There is understandable anxiety that the housing association may not be able to ensure that it receives back the full amount of money to enable it to repurchase at the price that is being asked at that time. In other words, we must allow for house price inflation because, although we are now going through a slight flattening of the inflation curve on house prices, they are still going up and we know that they will probably go up quite steeply from the end of next year. The housing associations will be asked to pay that price at that time. If they cannot do that without drawing on their reserves, as a result of the tight squeeze they are in and the fact that they are being pushed by Government policy towards private sector finance, they will try to find ways of avoiding doing that. They will at least want to hold the Government to their commitment to fund them in some way.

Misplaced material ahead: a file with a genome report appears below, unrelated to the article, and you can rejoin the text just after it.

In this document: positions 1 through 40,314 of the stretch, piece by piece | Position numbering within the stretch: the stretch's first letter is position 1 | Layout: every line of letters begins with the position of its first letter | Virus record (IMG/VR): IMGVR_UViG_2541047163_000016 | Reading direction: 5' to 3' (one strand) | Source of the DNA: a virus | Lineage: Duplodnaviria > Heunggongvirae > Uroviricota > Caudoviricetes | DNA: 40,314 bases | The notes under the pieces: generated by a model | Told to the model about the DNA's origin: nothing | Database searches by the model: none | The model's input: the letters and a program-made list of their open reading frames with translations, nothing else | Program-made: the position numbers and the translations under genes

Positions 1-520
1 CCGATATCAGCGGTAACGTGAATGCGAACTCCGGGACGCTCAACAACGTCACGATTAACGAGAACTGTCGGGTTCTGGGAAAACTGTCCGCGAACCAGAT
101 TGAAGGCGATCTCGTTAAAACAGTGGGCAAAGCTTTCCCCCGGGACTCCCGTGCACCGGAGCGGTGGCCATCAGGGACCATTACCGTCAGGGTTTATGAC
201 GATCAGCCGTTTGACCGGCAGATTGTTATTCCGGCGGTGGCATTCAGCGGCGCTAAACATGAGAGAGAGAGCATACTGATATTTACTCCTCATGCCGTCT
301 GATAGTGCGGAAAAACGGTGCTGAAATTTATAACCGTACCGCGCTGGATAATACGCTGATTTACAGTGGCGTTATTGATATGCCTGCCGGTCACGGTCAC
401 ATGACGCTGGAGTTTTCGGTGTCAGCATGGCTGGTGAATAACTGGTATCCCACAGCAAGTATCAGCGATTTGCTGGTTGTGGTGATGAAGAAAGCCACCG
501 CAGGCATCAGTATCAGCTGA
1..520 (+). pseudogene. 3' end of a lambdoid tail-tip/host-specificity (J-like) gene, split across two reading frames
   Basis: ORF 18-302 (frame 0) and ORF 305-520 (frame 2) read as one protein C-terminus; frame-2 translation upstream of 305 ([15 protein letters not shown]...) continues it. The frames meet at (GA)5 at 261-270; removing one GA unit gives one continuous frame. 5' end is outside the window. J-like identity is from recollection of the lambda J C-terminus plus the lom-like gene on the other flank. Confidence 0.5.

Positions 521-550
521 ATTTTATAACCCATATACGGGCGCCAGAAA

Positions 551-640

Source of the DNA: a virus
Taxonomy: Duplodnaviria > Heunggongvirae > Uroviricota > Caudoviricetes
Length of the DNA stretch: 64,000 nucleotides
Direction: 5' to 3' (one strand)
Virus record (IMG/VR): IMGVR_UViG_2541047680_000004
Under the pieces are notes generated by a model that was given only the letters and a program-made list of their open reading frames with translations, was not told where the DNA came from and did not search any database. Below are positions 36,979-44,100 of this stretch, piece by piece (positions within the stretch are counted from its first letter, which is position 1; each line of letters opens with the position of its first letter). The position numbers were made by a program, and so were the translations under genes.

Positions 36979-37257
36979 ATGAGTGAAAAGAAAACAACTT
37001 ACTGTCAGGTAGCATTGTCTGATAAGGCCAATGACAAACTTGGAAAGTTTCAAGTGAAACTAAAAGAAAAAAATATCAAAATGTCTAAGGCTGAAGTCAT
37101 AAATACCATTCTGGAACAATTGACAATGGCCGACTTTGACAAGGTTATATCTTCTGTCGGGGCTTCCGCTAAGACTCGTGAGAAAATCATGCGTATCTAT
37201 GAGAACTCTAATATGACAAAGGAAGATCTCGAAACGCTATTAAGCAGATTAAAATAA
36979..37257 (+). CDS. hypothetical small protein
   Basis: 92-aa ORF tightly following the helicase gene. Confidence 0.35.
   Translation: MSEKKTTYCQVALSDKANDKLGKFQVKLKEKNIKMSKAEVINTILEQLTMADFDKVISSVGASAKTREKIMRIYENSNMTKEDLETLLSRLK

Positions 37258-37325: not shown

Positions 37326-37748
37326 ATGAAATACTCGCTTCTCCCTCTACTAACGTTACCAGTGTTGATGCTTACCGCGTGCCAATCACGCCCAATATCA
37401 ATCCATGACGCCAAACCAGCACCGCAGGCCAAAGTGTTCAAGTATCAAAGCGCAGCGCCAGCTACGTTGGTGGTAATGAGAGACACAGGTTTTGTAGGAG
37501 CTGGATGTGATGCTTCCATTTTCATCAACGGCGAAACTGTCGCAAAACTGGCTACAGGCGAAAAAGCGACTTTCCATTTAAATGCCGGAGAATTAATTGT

I notice that the Lords have tied their amendment to rural parishes with a population of 3,000 or fewer. I suspect that the problem goes wider and is affecting all rural areas. I also suspect that the problem for housing associations is the complex relationship that develops on the market price when they come to repurchase and, as the Minister himself acknowledged and as was mentioned in the Lords amendment, the question of the disposal of land price, the use of other funds and the payments of the grant at the time. The housing associations may have a deal, with the land price having an effect on that, but if the Government's price simply takes that into account without giving the housing associations sufficient funds to buy back the property at the price at the time without loss to their reserves, the housing associations will want to avoid such repurchases or, if they are forced to do so, will do so only at the expense of further housing investment in that area.